Commercial energy bills sometimes go unexamined or misunderstood, yet paid.

Average commercial energy bills vary by state, but overall the US Energy Administration estimated costs at more than $650/month.  For larger businesses, those costs can be much higher.

But energy consumption and location are not the only factors on that bill.  Other terms include transition and transmission charges, rate codes and distribution demand.  Any individual line item, over the course of a year, can really add up.

The first step to saving money is to make sense of that energy bill.

Here’s how to decipher your commercial energy bill.

The Common Terms

Some businesses receive a dual energy bill and some a consolidated bill.  Whether it comes in two forms or one, they add up to the same things–supply charges and delivery charges.

  • Supply charges – The electricity consumed.
  • Deliver charges – The utility infrastructure, such as lines, poles, transformers and their maintenance.

Some consolidated bills will still break down the charges into these two subheadings.

The energy or supply charges are the amount of energy consumed.  They will generally also label the demand charges as such.

Demand charges are a calculated highest quantity of energy consumed at a single time, in the specified period of time (usually a 30-day billing cycle).

Here’s a simplified example:

  1. Business one has 10 refrigerators, but they only run one at a time.
  2. Business two has 2 refrigerators, but they run at the same time.

Business 2 would have a higher demand on the utility, so would get charged a higher demand rate per month than business 1.

Demand charges are based on the fact that, for the most part, energy cannot be stored–it must be generated by the utility at the time that it is needed.  As you increase demand, you have to have larger power plants to accommodate that demand.  So, the demand charges help offset the costs of building and maintaining larger power plants.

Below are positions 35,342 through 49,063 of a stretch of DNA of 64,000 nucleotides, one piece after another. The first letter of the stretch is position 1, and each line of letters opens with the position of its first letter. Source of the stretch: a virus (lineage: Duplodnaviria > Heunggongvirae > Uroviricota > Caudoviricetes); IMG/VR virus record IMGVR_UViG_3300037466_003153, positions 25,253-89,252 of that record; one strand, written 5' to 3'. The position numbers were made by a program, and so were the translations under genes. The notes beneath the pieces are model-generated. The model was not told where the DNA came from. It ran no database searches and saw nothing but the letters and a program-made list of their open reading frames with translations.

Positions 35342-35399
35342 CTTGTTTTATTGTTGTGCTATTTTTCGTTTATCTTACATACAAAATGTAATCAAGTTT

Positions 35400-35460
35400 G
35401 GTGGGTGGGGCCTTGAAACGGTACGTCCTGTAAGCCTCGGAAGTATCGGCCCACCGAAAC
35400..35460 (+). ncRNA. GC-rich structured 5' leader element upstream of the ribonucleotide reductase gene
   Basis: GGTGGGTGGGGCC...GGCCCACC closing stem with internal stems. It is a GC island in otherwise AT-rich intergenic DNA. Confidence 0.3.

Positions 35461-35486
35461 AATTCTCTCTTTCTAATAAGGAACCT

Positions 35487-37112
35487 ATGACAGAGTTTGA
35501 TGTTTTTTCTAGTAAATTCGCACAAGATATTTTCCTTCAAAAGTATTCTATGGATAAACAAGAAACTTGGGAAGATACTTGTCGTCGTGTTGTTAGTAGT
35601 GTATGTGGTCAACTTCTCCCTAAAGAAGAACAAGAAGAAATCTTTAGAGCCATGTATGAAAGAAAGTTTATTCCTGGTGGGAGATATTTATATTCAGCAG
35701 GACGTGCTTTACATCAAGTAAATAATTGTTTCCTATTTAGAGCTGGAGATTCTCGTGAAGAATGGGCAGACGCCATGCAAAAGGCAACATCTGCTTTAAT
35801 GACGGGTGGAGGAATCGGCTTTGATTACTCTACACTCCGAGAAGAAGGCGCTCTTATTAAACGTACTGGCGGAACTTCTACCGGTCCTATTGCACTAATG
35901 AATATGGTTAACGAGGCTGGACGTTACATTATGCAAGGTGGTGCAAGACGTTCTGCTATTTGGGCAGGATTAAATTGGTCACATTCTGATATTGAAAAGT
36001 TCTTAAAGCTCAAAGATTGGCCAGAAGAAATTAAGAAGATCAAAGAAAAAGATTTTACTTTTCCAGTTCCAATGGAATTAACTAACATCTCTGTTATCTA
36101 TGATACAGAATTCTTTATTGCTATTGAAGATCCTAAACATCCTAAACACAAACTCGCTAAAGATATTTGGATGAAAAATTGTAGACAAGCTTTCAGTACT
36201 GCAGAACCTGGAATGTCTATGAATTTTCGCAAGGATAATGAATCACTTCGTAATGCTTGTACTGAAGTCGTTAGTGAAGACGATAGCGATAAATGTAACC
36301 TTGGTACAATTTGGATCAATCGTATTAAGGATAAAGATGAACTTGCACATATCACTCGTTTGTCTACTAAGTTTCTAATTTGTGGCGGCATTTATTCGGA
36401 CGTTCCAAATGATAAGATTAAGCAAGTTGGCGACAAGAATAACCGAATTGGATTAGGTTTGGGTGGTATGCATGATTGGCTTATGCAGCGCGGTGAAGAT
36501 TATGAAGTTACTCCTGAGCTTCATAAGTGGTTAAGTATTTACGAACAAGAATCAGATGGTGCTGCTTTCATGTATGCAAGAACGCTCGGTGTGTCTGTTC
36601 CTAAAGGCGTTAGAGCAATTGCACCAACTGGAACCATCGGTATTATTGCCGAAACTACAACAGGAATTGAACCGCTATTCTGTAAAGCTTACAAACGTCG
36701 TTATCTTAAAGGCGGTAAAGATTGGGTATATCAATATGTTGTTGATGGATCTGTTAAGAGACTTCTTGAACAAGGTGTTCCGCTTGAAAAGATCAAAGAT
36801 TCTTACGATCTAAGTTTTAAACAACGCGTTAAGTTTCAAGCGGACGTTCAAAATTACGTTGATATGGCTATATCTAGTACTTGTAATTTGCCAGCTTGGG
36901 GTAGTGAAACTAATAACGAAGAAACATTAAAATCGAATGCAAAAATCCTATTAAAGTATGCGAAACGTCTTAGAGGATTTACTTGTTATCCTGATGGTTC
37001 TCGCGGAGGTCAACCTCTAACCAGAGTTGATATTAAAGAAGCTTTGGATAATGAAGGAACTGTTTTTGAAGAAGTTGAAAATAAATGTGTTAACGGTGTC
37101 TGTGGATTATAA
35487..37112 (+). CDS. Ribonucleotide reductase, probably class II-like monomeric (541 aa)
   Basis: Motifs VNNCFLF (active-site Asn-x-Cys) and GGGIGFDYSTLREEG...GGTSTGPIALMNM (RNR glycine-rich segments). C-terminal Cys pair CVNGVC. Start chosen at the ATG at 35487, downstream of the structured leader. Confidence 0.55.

Other Factors in Energy Rates

The energy utility company may further breakdown energy bills into other subcategories.  Some of these definitions are similar funds–going to the cost of utility construction, generation, and maintenance–but some industry regulation or best practices may require the utility to list these charges under their appropriate terms.

These include:

  • Customer Charges – A fixed cost to each customer for business operations, such as administrative functions and equipment.
  • Distribution Energy Charges – The cost to the utility company of delivering energy, even if you do not directly purchase the supply from them.
  • Distribution Demand Charges – Based on the demand of your business or zone, this is an infrastructure maintenance line item.
  • Energy Efficiency Charges (or Energy Conservation Charges or SBC/RPS charges) – These are funds collected by the utility to go toward energy conservation programs. When upgrades are done to improve efficiency, they may be funded from this program.
  • Renewable Energy Charges (or Renewable Portfolio Standard, RPS) – In some states, a separate fund is collected by the utility to help develop or support renewable energy sources.
  • Transition Charges (or Competitive Transition Charges, CTC) – In some deregulated states, utilities are allowed to charge customers an additional fee to help offset the costs of doing business, since they are no longer collecting the funds for the delivery of the energy.
  • Transmission Charges – The fee for delivering energy across the utility infrastructure.

Taking Charge of Your Energy Bill

While some of the costs of energy, from the utility or the energy provider, may not be negotiable, others are. Additional on-site measures also help reduce energy consumption or demand–greatly reducing energy bills.

When you work with Energy Professionals, we are your complete energy managers.  We specialize in energy solutions that will help you meet both your budgetary and sustainability goals.

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